Great research paper on Trichoderma
Nature Reviews Microbiology 2, 43-56 (January 2004) | doi:10.1038/nrmicro797
Trichoderma species — opportunistic, avirulent plant symbionts
Gary E. Harman1, Charles R. Howell2, Ada Viterbo3, Ilan Chet3 & Matteo Lorito
Trichoderma spp. are free-living fungi that are common in soil and root ecosystems. Recent discoveries show that they are opportunistic, avirulent plant symbionts, as well as being parasites of other fungi. At least some strains establish robust and long-lasting colonizations of root surfaces and penetrate into the epidermis and a few cells below this level. They produce or release a variety of compounds that induce localized or systemic resistance responses, and this explains their lack of pathogenicity to plants. These root–microorganism associations cause substantial changes to the plant proteome and metabolism. Plants are protected from numerous classes of plant pathogen by responses that are similar to systemic acquired resistance and rhizobacteria-induced systemic resistance. Root colonization by Trichoderma spp. also frequently enhances root growth and development, crop productivity, resistance to abiotic stresses and the uptake and use of nutrients.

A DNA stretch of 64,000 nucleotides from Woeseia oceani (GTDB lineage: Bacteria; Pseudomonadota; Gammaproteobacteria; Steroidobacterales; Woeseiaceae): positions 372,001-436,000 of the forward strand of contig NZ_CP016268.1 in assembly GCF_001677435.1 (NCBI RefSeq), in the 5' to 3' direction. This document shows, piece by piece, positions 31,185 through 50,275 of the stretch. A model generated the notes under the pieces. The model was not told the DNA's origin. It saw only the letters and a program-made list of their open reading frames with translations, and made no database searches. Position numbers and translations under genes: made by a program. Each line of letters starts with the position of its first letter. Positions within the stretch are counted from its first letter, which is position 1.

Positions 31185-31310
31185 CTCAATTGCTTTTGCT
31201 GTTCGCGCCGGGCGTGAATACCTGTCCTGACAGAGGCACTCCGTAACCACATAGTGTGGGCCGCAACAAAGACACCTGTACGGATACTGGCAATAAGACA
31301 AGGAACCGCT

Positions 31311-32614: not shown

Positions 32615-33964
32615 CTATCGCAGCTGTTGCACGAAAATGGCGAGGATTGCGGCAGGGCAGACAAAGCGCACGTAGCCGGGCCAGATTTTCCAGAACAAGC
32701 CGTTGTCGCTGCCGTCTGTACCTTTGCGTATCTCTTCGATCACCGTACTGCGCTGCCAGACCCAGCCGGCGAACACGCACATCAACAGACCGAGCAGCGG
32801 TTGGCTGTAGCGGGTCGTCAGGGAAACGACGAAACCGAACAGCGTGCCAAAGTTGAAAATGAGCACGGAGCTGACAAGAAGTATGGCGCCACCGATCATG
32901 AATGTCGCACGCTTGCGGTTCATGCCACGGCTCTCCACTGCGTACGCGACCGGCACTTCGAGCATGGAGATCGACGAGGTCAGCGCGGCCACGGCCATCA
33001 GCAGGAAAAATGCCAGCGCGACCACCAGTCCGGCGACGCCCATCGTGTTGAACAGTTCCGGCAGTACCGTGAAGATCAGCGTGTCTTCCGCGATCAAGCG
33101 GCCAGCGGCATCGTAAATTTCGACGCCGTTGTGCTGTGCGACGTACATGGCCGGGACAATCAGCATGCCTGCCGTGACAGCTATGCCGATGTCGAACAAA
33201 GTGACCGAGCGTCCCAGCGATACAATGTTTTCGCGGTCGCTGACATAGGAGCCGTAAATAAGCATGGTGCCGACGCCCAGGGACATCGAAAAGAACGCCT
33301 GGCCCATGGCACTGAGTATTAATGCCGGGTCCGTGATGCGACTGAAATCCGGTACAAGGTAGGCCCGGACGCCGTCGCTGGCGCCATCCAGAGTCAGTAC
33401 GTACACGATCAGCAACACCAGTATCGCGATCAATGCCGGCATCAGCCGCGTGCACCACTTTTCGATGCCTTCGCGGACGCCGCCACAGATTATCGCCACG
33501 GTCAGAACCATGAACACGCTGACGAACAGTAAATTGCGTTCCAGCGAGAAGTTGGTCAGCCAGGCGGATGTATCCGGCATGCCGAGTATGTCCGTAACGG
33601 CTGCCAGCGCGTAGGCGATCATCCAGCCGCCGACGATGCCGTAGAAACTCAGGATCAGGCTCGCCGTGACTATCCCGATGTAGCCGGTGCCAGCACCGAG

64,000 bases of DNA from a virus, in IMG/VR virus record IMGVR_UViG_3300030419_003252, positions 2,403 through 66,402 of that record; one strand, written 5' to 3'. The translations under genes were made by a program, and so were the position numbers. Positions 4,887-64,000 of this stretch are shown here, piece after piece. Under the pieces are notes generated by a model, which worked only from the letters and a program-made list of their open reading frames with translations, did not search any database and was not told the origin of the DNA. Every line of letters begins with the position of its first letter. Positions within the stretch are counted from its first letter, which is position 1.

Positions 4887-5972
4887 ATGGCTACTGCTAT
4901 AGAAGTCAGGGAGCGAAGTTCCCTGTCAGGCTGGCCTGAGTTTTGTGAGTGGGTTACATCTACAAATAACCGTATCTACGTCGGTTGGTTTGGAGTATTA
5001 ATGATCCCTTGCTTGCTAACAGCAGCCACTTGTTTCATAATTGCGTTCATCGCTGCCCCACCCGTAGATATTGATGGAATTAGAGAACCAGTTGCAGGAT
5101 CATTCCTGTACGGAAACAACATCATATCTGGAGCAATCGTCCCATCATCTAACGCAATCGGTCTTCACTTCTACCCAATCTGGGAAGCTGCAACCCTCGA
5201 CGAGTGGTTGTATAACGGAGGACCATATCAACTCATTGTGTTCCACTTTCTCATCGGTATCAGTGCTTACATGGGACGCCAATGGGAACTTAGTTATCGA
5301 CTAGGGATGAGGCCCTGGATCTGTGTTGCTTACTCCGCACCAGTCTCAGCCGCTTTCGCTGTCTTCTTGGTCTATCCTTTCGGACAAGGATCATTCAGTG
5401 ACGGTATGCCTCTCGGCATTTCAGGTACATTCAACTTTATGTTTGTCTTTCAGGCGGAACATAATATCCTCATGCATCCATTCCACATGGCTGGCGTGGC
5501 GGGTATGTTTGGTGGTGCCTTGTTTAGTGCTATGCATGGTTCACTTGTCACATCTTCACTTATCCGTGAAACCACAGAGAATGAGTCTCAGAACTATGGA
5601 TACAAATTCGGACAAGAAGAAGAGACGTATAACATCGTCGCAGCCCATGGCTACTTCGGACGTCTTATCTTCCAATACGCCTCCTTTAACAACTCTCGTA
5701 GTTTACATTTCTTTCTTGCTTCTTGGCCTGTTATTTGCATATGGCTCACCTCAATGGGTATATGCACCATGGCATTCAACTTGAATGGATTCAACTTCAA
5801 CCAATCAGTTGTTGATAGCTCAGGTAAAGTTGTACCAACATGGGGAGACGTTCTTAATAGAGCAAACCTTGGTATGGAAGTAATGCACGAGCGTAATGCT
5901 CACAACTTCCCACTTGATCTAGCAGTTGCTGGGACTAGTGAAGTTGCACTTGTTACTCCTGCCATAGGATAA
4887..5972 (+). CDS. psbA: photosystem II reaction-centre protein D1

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Departments of Horticultural Sciences and Plant Pathology, Cornell University, Geneva, New York 14456, USA.
USDA/ARS, SPARC, College Station, Texas 77845, USA.
Weizmann Institute, Rehovot 76100, Israel.
Dipartimento di Arboricoltura, Botanica e Patologia Vegetale, Universita degli Studi di Napoli Federico II, and Istituto CNR-IPP, 100-80055 Portici, Italy.
FWIW... You will find people on both sides of the Trichoderma debate, personally Ive used ampacbiotech.net's products for years on all my plants and now consider it standard operating procedure.